Nevertheless, Tchaikovsky's opera remains in its own way faithful to the original. The libretto preserves much original text. The situations that the opera represents are either taken directly from Pushkin's source or are slightly expanded with only small additions. These additions remain, after all, within plausible limits.  An example is the aria of Prince Gremin, through which the characterization of Tatiana's husband is developed in the opera. Tatiana is a young woman from the province who falls in love with a young man from Saint Petersburg, Yevgeny Onegin. He rejects her. Disappointed, she agrees to a marriage of convenience with a wealthy aristocrat. We do not learn more about this man from Pushkin. Tatiana's husband has neither a name nor a face. Tchaikovsky calls him Prince Gremin. However, he gives him more than just a name. In his aria, Gremin gets the chance to express his feelings for his wife. Detractors of this dramatization of Pushkin's work staunchly consider it anomalous.  However, the aria's inclusion in the drama is not as far a stretch as it may initially seem. Even recent commentators speculate that Tatiana's husband should deserve some credit. Olga Peters Hasty puts it this way:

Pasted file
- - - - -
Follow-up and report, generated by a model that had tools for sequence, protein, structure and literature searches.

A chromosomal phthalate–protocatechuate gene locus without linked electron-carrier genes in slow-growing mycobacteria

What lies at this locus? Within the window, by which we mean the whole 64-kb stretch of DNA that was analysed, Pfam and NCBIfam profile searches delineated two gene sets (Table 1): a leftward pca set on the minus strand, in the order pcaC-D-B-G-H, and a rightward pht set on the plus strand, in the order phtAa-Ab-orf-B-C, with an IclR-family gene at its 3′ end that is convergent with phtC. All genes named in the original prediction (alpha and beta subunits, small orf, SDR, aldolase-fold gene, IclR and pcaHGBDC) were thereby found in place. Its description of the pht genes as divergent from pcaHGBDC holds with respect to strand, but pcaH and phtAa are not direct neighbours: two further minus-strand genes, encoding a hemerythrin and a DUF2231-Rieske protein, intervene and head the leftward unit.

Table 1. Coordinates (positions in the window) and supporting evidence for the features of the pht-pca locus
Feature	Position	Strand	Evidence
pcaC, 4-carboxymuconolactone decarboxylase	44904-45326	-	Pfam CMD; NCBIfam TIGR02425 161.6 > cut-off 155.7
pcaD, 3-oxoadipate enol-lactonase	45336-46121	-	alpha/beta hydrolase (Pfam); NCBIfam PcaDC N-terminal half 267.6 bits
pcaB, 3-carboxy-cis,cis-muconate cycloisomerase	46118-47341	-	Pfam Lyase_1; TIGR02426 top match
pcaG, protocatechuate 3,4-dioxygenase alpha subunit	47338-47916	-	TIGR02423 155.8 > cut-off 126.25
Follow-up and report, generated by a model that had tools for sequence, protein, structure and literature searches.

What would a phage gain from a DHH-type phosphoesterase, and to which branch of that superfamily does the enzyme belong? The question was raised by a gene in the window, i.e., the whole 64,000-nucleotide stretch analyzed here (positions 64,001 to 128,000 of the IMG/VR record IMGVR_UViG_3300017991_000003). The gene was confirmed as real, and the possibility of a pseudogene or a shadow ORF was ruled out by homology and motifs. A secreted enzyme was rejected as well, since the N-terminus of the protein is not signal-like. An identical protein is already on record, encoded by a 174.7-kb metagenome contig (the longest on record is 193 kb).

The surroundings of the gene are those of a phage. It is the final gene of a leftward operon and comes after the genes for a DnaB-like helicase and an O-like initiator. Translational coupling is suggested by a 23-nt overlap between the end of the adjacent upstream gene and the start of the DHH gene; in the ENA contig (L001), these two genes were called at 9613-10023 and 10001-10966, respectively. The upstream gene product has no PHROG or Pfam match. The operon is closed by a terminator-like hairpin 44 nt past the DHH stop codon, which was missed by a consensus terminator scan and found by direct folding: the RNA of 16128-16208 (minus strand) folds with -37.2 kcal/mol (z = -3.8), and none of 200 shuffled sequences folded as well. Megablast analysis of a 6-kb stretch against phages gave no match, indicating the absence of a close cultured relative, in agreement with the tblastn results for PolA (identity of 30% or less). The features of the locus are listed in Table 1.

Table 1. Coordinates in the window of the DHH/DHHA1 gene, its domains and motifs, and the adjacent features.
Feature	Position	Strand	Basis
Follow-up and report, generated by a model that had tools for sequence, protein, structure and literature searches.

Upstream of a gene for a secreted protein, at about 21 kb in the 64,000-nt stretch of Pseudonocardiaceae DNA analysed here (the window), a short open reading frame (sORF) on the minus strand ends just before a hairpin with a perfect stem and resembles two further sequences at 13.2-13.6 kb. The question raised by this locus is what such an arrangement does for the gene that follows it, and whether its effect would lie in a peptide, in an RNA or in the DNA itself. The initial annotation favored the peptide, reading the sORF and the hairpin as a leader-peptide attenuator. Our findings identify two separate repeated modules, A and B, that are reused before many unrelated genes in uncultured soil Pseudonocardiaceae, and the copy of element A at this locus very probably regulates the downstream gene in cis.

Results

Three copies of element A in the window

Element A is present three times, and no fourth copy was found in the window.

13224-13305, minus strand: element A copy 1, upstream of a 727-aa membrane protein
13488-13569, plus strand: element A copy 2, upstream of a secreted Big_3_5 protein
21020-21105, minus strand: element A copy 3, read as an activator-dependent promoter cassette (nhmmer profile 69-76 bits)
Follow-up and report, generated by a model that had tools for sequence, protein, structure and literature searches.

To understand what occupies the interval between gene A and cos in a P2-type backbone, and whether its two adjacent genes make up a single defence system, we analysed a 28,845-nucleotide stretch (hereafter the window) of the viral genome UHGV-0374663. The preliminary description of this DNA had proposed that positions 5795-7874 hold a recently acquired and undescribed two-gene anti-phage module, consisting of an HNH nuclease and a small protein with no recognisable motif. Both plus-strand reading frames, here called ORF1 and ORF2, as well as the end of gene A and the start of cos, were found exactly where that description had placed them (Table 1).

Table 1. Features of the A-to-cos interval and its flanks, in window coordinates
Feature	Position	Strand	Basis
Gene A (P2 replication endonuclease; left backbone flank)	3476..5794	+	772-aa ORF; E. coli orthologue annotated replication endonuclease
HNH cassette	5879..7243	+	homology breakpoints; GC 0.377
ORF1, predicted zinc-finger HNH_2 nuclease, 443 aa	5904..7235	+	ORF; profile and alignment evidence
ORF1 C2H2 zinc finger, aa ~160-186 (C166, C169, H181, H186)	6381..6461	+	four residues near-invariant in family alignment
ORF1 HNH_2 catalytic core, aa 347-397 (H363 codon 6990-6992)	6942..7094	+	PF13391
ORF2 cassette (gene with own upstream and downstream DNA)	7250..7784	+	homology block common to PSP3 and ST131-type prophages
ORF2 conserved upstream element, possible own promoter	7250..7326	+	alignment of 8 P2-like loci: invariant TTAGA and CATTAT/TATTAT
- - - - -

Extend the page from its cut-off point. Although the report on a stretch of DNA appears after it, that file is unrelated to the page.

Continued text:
"Whoever he may be, and whatever his girth, Tatiana's husband has at the very least to be commended for his discriminating choice of partner. Although now justifiably proud of his wife's social success, it was clearly not for this that Prince N married an unsophisticated girl of scant means and no connections who failed to attract much attention at the time of her Moscow debut."

 

Tatiana's social success in the heart of Saint Petersburg's high society validates his discernment of her exceptional qualities. He was not mistaken in recognizing her merit.